Who Should Foot the Bill?: The Role of Developed Countries in Meeting the Paris Agreement’s Temperature Goals

By Student Delegate Cynthia Kane

Climate change is the behemoth problem of our times; it is often referred to as “super wicked” due to its complexity, long-term effects, and uncertain trajectory.[1] Nowhere is this complexity more apparent than in the Paris Agreement (“Agreement”), ratified by 194 countries and covering approximately 95% of global greenhouse gas emissions. One key aspect of the Agreement is its ambitious and historic temperature goals outlined in Article 2, Section 1: “[H]olding the increase in the global average temperature to well below 2 °C above preindustrial levels and pursuing efforts to limit the temperature increase to 1.5 °C above pre-industrial levels.” However, while the participating countries agreed on the temperature goals, significant disagreement still exists about the best way to achieve them. A key—and controversial—question that has emerged from this discussion is: what role, if any, should developed countries play in funding developing countries’ climate change adaptation and mitigation efforts? The answer to this question largely depends on which country you ask and the lens through which the country views climate change (i.e., as an economic or moral issue).[2]

The United States (“U.S.”) views climate change as an economic issue,[3] and made it clear that it would assist developing countries because it has the financial capacity to do so—not out of a moral obligation. Indeed, during COP15, U.S. Secretary of State Hillary Clinton pledged that the developed world would “mobilize $100 billion annually” starting in 2020 to aid developing countries’ adaptation and mitigation efforts. Nevertheless, while amenable to providing financial support to the most vulnerable developing countries, the U.S. was wary of the political fallout that such provisions in the Agreement would create. Consequently, at COP21, when the Agreement was finalized, the U.S. was adamant that the language relating to payments to developing countries explicitly stated such payments were not an indication of legal liability. U.S. Secretary of State John Kerry explained: “We’re not against [loss and damage]. We’re in favor of framing it in a way that doesn’t create a legal remedy because Congress will never buy into an agreement that has something like that . …The impact of it would be to kill the deal.” Thus, the U.S. views language mandating payments to developing countries or assigning legal liability to such payments as unacceptable.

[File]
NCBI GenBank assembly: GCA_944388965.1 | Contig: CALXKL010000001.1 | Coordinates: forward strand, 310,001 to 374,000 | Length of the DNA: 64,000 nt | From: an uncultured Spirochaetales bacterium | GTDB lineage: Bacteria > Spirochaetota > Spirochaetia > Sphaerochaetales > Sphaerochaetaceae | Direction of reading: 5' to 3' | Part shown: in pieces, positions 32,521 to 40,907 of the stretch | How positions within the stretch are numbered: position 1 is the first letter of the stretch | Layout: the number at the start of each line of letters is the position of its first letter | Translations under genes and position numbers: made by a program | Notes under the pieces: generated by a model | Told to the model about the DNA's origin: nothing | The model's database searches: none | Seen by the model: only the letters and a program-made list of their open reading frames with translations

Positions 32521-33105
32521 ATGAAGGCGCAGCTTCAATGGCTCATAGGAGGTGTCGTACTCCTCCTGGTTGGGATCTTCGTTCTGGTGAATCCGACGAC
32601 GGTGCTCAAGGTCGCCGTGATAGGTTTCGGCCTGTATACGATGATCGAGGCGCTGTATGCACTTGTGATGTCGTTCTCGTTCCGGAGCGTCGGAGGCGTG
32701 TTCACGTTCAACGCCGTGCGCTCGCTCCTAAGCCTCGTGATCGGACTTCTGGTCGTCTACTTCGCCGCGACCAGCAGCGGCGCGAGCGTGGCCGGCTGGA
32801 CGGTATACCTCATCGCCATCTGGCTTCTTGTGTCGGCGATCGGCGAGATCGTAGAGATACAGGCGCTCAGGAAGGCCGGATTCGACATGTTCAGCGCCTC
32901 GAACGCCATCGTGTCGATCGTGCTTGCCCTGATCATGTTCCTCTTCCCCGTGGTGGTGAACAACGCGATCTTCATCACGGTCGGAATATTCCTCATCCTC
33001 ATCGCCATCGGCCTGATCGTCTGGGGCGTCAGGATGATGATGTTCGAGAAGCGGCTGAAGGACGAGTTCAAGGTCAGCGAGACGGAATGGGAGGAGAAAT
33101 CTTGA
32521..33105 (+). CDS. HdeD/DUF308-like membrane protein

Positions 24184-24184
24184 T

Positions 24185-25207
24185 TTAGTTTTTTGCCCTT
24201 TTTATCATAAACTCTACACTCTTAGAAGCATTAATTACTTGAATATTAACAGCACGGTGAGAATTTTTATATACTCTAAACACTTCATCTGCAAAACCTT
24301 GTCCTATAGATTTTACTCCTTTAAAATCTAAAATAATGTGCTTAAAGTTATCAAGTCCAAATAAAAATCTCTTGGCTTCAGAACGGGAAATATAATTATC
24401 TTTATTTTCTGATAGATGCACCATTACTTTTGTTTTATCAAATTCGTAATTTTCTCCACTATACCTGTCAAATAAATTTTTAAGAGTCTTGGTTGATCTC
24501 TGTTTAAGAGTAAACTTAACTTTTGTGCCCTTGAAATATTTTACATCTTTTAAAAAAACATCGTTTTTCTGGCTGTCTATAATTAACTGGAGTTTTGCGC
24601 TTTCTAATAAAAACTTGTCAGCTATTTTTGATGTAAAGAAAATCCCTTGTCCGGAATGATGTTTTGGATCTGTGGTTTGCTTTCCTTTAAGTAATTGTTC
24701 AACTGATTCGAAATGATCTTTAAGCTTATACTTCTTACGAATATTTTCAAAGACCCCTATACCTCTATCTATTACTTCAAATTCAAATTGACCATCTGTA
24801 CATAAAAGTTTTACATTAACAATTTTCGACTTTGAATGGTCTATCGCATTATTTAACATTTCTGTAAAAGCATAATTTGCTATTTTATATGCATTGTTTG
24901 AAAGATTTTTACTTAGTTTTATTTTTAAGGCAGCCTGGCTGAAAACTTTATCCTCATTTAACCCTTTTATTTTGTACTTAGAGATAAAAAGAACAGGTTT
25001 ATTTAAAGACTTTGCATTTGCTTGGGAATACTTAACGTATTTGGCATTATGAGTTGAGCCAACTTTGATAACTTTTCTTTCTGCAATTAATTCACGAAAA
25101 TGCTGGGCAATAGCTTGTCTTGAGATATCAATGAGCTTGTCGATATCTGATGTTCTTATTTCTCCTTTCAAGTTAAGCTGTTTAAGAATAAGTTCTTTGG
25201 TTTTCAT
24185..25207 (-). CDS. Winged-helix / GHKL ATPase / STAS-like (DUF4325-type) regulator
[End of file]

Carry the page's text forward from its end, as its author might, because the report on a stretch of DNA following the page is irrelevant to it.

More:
In contrast to the U.S.’s economic view, many developing countries consider climate change to be a social justice and equity issue. These developing countries believe that because developed countries have disproportionately contributed to climate change, they have a moral obligation to assist developing countries with their mitigation efforts.[4] This is the viewpoint of the COP negotiating bloc known as the Like Minded Developing Countries (“LMDC”), which includes 25 countries and represents over 50% of the world’s population. This bloc seeks to keep the Agreement’s differentiated obligations between developing and developed countries and has been vocal in its push for financial assistance in order to ensure equity for developing countries. In other words, the bloc believes that developed countries should be obligated to provide financial assistance for mitigation, while developing countries should have the option to do so if their socioeconomic capabilities allow them to.

In preparation for COP27, the bloc submitted a proposal to revise the definition of “climate finance” within the Agreement. The proposal reiterates developed countries’ obligations to provide funding to developing countries. It further asserts that the lack of an agreed-upon definition of “climate finance” has caused inconsistent and ineffective reporting of both developed countries’ contributions and developing countries’ receipt of contributions and continuing financial needs. Using available reporting data from 2013 to 2018, a 2021 United Nations report confirms the bloc’s assertion: the report found that the rate of contribution, while increasing annually, was “not sufficient to reach the $100 billion [goal] in 2020.”

The LMDC’s proposal will be considered during negotiations in November. However, the larger question of developed countries’ obligations to developing countries will likely remain a hotly debated issue well beyond COP27—only time will tell which viewpoint will prevail.


[1]  DANIEL BODANSKY ET AL., INTERNATIONAL CLIMATE CHANGE LAW 2 (Oxford University Press ed., 1st ed. 2007).

[2]  Id. at 4.

[3]  Id. at 6 – 7.

[4]  Id. at 7 – 8.

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